The Waning of Summer

The waning of summer has burdens all its own. A few days ago, the temperature dropped twenty degrees overnight. The next day autumn tingled in the air. I could hear it coming from whatever distant lair it inhabits during the hot, green months of summer.

The garden is still producing though the plants are tired.  A month ago, I couldn’t keep up.  Fruit would rot on the vine. The tomatoes were vulnerable, getting big and plopping into the soil to become a soppy, goopy mess before I knew it.

Everything moves more slowly now. There are still tomatoes ripening, though fewer than even a couple of weeks ago. Soon, I will strip bare the vines and bring the final armloads onto the porch to ripen. Sometime, deep in winter, we will open the freezer, pull the soup they make, warm them on the stove and remember the thick, wet days of August.

Things have got to be cleaned up out there. I started the other day by facing down the bully who’s dominated the garden this year.  Back in May we planted something we weren’t certain we could identify. It grew. It kept growing. Eventually we recognized it as zucchini.

Taming the Wild Zucchini

It took over. The plant’s sticker-covered tendrils spread in every direction. I let it go, in part from curiosity. I wanted to see what would happen.  What happened is that eventually a quarter of our yard was covered in zucchini plant.

The fruit was plentiful. Zucchini are more durable than tomatoes, thank goodness. They take longer to fall to mush. I learned this by stumbling on zucchini that had lay on the ground growing in silence for weeks. By the time I broke them loose, they were huge.  I harvested and my wife pushed them through the food processor, filling the freezer with plastic bags of zucchini slivers.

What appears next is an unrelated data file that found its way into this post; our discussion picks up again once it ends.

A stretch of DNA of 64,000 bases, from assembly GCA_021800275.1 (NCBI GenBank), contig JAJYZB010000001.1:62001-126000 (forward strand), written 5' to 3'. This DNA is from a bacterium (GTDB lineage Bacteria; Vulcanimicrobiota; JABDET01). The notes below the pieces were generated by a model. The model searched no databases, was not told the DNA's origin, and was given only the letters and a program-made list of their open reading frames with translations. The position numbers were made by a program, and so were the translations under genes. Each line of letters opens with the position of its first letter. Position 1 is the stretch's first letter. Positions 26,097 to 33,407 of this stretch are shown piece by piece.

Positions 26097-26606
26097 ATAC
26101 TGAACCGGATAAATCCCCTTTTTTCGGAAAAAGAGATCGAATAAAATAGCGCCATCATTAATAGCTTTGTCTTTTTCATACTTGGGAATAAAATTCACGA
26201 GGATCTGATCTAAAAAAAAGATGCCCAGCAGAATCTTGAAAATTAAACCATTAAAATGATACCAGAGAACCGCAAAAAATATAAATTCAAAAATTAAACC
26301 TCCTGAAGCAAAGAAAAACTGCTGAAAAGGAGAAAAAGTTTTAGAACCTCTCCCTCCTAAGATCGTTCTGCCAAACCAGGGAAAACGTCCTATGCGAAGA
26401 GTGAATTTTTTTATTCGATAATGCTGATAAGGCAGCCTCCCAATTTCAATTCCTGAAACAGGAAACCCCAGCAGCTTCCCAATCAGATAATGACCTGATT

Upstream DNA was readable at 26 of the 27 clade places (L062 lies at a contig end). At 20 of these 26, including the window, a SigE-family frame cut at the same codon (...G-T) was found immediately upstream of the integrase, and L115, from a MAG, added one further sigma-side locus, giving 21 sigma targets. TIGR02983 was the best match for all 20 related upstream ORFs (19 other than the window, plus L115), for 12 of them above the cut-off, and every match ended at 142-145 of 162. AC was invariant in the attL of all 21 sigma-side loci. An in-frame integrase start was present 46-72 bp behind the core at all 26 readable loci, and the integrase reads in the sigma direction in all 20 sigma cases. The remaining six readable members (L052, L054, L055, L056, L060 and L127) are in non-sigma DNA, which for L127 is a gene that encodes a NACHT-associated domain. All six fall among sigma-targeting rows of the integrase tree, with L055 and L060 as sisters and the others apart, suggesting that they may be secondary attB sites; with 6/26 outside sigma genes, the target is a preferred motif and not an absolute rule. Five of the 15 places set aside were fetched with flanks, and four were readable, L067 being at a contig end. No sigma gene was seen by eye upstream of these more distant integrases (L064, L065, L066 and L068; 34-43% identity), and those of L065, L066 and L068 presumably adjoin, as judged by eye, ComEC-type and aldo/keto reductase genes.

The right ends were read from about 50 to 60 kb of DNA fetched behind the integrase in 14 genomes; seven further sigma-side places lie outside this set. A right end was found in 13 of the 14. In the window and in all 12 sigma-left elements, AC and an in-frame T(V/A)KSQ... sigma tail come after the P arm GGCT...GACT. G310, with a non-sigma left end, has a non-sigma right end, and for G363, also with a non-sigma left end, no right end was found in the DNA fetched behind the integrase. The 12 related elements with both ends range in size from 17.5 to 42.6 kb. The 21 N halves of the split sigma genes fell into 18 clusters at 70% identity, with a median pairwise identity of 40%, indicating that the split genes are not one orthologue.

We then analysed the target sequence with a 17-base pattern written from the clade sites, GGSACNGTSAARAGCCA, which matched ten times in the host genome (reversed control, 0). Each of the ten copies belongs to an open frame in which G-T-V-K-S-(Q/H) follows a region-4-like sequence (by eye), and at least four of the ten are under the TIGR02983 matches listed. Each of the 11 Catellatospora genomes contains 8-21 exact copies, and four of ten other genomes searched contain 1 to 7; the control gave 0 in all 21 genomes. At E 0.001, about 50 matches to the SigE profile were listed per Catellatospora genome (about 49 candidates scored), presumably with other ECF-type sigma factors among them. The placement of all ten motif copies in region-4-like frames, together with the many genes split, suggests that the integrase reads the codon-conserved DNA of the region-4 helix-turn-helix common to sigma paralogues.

Still, the plant did not stop giving.  I pulled off fruit, stacked it on the porch and wondered what to do with it. Finally, I realized I could give this stuff away.

I gave zucchini to people at work. I gave zucchini to the neighbors. I gave zucchini to the other neighbors. I thought of flagging down random cars to give zucchini to the drivers.  It was, to say the least, a productive plant.

Providing for others from the garden was intensely satisfying. To see the bounty the earth has given, to take our fill and still have more made me feel rich. It used to bother me when gardeners would try to foist their excesses on others, dragging that broken box of squash to church, leaving a dirty plastic bag full of tomatoes on the table at work. Now, I know why they do it. It’s addictive.

A couple of days ago, I cut back the zucchini plant. I expect a couple more fruits, but its production has mostly run its course.  Cutting back the plant was tough.  I felt unthrifty. I felt wasteful, like I was throwing away food

I felt this way, I suppose, because I was throwing food away. As I hacked away the plant’s limbs, I checked them over for any fruit I had missed. I spotted a couple. They were tiny, mottled things, half the size of my thumb.  I could have let them grow.  Another two weeks and they would have fed the neighbors.  There are hungry people in the world, I knew. Some of them might like a zucchini.

I chucked the little fruits into the trash anyway, feeling the weight of such profligacy.

When the Garden Ends

Anyone who produces food, on whatever scale, will feel this tension. Appetites are bigger than growing seasons. The needs of the world outweigh the strength of our arms. At some point, the plants have to be cut back, down, away. The growth must stop.

The grower decides when, when the work required outweighs the reward received, when there is enough.  It can be tough call. When you quit the garden, someone somewhere is going to go without. They may not starve, but they will miss the nurture you could have provided. They’ll spend money, if they have it, to buy what you could have given freely.

Yet, stop you must. The weather cools. School starts. Things change, and armed with knife and spade you wander into the garden to close it down. You make your choices and bear their weight. Closing down the garden, you unearth your limits. There, outside in the fading light, you discover the meaning of your summer work hidden beneath the leaves.

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